2. Second, this Court justified using inherent powers to sanction and limit parties who file papers when the Court believes that the party is abusing the system. Sanctions may be appropriate when parties abuse the system because it may deny or delay the right of access to courts for “legitimate claims filed by others.” See In re McDonald, 489 U.S. 180, 184 (1989). In Jackson, v. Florida Department of Corrections, 790 So.2d 398,401 (2001), this Court noted that “this Court has the inherent authority to limit that right when pro se litigation becomes so disruptive that it threatens to deny other litigants their rights.” See also Chambers, v. Nasco, Inc., 501 U.S. 32 (1991) (The Court allowed sanctions using inherent powers.)
The Court order also said that sanctions may be in order to “devote its finite resources to the consideration of legitimate claims filed by others.” Jackson at 401. However, the Petitioner is not filing frivolous claims in bad faith. To the best of his knowledge, the Petitioner’s claims are legitimate. Justice Canady dissented in one of the actions in favor of the Petitioner.
Unlike the FBBE, the Petitioner had no experience at the Florida Supreme Court level prior to the two actions he filed. He is sometimes repetitious but that was frequently necessary to refute errors, omissions and misstatements that have been used repeatedly by the FBBE General Counsel. Part of the Petitioner’s repetition is based upon papers submitted by the General Counsel first to the Florida Board and now in this Court.
First, this Brief includes the “STATEMENT OF THE CASE.” Next, the brief will examine the dockets of the two cases filed by the Petitioner. This is followed by a summary of the argument and the argument.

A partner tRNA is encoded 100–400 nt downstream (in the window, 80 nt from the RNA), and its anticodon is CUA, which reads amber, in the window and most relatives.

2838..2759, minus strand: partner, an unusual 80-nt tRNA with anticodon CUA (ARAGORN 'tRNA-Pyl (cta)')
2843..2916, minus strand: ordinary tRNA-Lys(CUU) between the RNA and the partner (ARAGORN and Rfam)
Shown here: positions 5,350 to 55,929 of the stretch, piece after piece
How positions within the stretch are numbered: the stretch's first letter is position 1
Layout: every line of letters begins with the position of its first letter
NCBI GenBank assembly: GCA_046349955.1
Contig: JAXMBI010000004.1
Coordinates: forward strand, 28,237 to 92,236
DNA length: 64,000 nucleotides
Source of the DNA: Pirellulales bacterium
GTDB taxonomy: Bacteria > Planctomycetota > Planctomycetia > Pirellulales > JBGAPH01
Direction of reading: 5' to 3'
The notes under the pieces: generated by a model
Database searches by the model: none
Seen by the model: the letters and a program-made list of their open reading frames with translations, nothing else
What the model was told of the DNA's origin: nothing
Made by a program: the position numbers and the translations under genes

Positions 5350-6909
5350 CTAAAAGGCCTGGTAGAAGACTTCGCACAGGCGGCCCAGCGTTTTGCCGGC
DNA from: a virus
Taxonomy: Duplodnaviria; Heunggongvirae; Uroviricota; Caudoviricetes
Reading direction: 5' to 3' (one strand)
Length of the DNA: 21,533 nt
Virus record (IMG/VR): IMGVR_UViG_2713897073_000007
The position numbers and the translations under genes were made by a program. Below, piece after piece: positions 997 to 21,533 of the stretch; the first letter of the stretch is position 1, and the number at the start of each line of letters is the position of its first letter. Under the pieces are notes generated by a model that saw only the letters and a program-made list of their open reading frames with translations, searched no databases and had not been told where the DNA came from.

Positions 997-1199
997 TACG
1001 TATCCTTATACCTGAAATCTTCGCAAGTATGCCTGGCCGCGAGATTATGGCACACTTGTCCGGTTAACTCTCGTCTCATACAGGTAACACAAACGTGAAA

STATEMENT OF THE CASE
The Petitioner’s Brief is a response to this Courts order to show cause “why this Court should not find that [he has] abused the legal system process and impose ….sanctions.…” In Coleman v. Watts, 81 So. 2d 650, 655 (Fla. 1955), the Court said that the entire record should be used in an appeal to the reviewing Court. Similarly, before this Court applies sanctions the entire record produced below should be used. Currently, using just the hearing record would not reflect the many errors and omissions made during the hearing before the Formal Board Panel. In addition, compared to other actions where sanctions were imposed, the parties being sanctioned filed many more cases and continued that pattern over a period of years. Petitioner has only filed two cases in a year and one-half.
On January 24, 2014, in the FBBE’s “RESPONSE TO MOTION IN OPPOSITION TO THE FLORIDA BOARD’S MOTION TO STRIKE THE PETITIONER’S INITIAL BRIEF” the motion contained the following statements:
[U]nder rule 3-30 of the Rules [-] Under this rule, to meet the standard for board reconsideration, the petition “must contain new and material evidence that by due diligence could not have been produced at the formal hearing.” Id. at 5.
Petitioner alleges that the information that he presented to the Board in his Request for Reconsideration contained new and material evidence that by due diligence could not have been produced at the formal hearing. He used the transcript from the formal hearing to identify and present discrepancies in facts and statements made by the GC during the presentation to the Board. These discrepancies (errors) and omissions were prejudicial to the Petitioner. The GC erroneously claimed that the Petitioner submitted information late and submitted information that was not relevant in his Request for Reconsideration. However, the entire record maintained by the Board was available to the GC. Even though the GC had access to the Petitioner’s entire file he knowingly failed to use items in the file that contradicted his statements during the Formal hearing, or afterward as required by Rule 4-3.3 (Candor toward the Tribunal.).
The Petitioner submitted some of these errors and omissions by the GC not only in his Request for Reconsideration to the Board but also in one document that was submitted as an appendix to his initial brief that this Court struck.
The Petitioner submitted his request for sanctions on March 24, 2014 based upon the many errors and omissions in the FBBE’s prior submissions. At the same time, on March 24, 2014 the FBBE submitted their Answer Brief that also contained errors and omissions .